5 Running Back Touchdown Regression Candidates

5 Running Back Touchdown Regression Candidates

By TJ Hernandez (Associate Editor), last update Aug 24, 2017

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TJ is a former full-time poker player who has been playing fantasy football for more than a decade. After online poker was outlawed, TJ ended his poker career and dedicated himself to fantasy football. His background in poker statistics and analytics translates to success in both daily and season-long fantasy football.

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In Part One of this series, I uncovered six quarterback touchdown regression candidates and re-introduced Red Zone EV, a metric designed to quantify how many points a player should score from red zone touchdowns based on the starting field position of every red zone opportunity. For running backs, predicting red zone production can be especially frustrating since they are compiling touches both on the ground and through the air -- methods of moving the ball that result in very different expectations. Since all red zone touches aren’t created equally, we can use regression analysis not just for opportunities (rush attempts and targets) inside the 20-yard line, but inside the 10 as well.

Calculating Red Zone EV for running backs is a little tricky, though, since rushing attempts and receiving targets do not have the same touchdown expectation, and neither do a running back's targets compared to that of a wide receiver or tight end.


More Touchdown Regression Candidates: QB | WR | TE


The following table lists the expected value for all running back red zone opportunities:

Expected Value of a Running Back Red Zone Opportunity
  Rush Attempts Running Back Targets
Starting Yard Line % Chance of a TD EV of a Rush Attempt % Chance of a TD EV of a Target
20-16 2.4% 0.14 5.6% 0.34
15-11 5.6% 0.34 12.4% 0.74
10-6 10.6% 0.64 23.9% 1.43
5-1 38.8% 2.33 46.2% 2.77

After compiling every red zone opportunity for every running back in the league from 2016, I calculated each back’s Red Zone EV and compared that number to the actual points that they generated from red zone touchdowns. The differential in those numbers will serve as an indicator for running backs that scored more often or less often than they should have in the red zone based on where each play started.

Negative Touchdown Regression Candidates

League Average Red Zone Touchdown Rate - 18.7% of touches
League Average Touchdown Rate from Inside 10-Yard Line - 31.3% of touches

LeSean McCoy, Bills

2016 Red Zone Touchdown Rate - 26.7%; Career - 16.3%
2016 Touchdown Rate Inside 10-Yard Line - 33.3%; Career - 26.1%
Red Zone EV - 46.3; Actual Points From Red Zone Touchdowns - 72

No running back scored further above expectation last year than LeSean McCoy, who was expected to score 7.7 red zone touchdowns, but found the end zone 12 times from inside the 20. With a red zone touchdown rate more than 10 points above his career average, Shady also exceeded that number by more than any back with at least 25 red zone opportunities last year.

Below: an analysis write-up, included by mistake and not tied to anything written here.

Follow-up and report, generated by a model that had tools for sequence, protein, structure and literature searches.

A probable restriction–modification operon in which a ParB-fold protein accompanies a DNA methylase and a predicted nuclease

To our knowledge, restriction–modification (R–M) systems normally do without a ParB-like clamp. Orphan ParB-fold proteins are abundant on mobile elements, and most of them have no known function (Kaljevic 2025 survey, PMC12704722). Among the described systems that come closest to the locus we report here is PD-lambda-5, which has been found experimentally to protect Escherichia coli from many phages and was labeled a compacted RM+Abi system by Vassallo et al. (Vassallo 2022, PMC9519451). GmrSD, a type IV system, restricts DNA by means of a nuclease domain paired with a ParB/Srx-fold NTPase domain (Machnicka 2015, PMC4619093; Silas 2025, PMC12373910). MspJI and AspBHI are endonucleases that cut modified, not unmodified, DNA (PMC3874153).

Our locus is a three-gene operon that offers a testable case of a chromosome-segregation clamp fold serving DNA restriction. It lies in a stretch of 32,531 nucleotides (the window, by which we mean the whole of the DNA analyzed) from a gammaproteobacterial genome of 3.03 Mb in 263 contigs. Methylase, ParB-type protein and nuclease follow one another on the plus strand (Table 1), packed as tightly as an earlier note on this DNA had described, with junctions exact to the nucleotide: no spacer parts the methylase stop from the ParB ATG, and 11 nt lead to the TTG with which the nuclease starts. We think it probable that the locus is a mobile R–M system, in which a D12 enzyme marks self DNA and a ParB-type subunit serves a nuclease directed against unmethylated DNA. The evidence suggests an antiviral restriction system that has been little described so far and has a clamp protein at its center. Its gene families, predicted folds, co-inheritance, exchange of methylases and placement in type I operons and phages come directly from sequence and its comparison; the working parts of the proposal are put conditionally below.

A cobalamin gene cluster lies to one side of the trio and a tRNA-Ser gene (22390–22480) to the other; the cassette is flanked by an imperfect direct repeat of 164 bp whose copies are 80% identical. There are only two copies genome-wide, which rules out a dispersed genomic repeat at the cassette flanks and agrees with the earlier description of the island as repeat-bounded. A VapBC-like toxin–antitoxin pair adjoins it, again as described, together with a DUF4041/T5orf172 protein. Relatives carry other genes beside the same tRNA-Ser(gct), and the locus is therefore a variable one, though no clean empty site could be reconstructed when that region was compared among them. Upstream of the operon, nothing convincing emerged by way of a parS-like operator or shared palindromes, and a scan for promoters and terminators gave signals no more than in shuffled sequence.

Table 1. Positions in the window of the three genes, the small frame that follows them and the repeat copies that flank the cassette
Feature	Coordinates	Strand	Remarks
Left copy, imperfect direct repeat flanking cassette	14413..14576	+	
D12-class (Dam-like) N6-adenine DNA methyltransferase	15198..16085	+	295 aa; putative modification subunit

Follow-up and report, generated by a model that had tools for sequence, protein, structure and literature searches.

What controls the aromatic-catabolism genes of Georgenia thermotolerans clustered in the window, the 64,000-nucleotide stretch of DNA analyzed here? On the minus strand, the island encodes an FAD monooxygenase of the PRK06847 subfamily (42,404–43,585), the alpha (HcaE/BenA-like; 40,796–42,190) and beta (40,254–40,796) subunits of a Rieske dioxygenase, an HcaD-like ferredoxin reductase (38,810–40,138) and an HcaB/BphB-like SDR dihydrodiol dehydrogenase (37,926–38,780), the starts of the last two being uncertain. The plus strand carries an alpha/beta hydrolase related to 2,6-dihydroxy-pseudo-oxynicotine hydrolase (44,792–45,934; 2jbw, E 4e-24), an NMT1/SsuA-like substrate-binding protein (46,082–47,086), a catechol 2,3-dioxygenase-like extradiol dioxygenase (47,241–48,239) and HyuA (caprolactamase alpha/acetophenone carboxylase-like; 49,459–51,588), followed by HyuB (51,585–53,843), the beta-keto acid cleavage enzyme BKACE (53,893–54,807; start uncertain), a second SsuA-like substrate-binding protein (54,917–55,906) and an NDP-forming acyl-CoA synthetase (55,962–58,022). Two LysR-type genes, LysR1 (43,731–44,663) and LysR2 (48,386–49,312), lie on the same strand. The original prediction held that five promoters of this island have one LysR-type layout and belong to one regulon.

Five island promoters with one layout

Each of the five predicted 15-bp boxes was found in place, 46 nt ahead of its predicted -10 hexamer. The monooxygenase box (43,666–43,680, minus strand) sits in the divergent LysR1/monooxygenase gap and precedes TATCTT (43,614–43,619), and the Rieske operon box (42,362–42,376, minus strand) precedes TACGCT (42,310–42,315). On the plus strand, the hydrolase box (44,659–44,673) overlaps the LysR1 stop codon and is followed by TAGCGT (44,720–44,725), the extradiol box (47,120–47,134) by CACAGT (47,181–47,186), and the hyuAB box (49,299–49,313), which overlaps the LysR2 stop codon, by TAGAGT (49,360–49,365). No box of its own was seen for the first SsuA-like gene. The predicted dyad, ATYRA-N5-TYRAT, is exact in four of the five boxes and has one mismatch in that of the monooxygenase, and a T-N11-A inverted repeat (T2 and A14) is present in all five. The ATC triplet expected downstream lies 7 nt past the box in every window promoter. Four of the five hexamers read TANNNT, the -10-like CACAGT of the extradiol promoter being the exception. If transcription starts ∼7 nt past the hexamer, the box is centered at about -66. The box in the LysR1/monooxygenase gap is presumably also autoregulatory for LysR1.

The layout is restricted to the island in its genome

Considering that year-to-year red zone scoring rates for running backs have a correlation of just .06 and McCoy has been one of the most inconsistent backs in the league in that respect, owners should be wary about expecting another huge touchdown season from the Bills back, even with Mike Gillislee out of the way.

Ezekiel Elliott, Cowboys

2016 Red Zone Touchdown Rate - 28.6%
2016 Touchdown Rate Inside 10-Yard Line - 38.5%
Red Zone EV - 46.7; Actual Points From Red Zone Touchdowns - 72

In his rookie campaign, Ezekiel Elliott was one of the most efficient running backs inside the red zone, and was especially effective inside the opponent's 10, but history suggests that Zeke may have a hard time keeping up the pace of his first 42 career red zone opportunities. Since 2012, 38 running backs have seen at least 50 opportunities inside the 10-yard line and only David Johnson has maintained a touchdown rate above 35%, while no running back with at least 75 such opportunities has a scoring rate over 33%.

There’s additional concern surrounding the possible regression of the Dallas offense as a whole. In 2016, the Cowboys ran more plays than any other team in game-neutral situations (score within a touchdown either way), while being just the 13th team in the last five seasons to turn the ball over 15 times or less. Turnovers have a year-to-year correlation of just .11 -- evidenced by the fact that the teams with 15 or fewer turnovers prior to 2016 have averaged 20 the following season -- meaning that turnovers are a number that largely regresses to the league mean. Should Dallas’ turnovers climb in 2017, not only will the Cowboys and Zeke see fewer red zone trips, but because they were in so many close games, the positive game scripts that Elliott benefited from in so many wins could dwindle.

Continue reading for one more negative regression candidate and two more positive regression candidates...

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Filed Under:
Preseason
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2017

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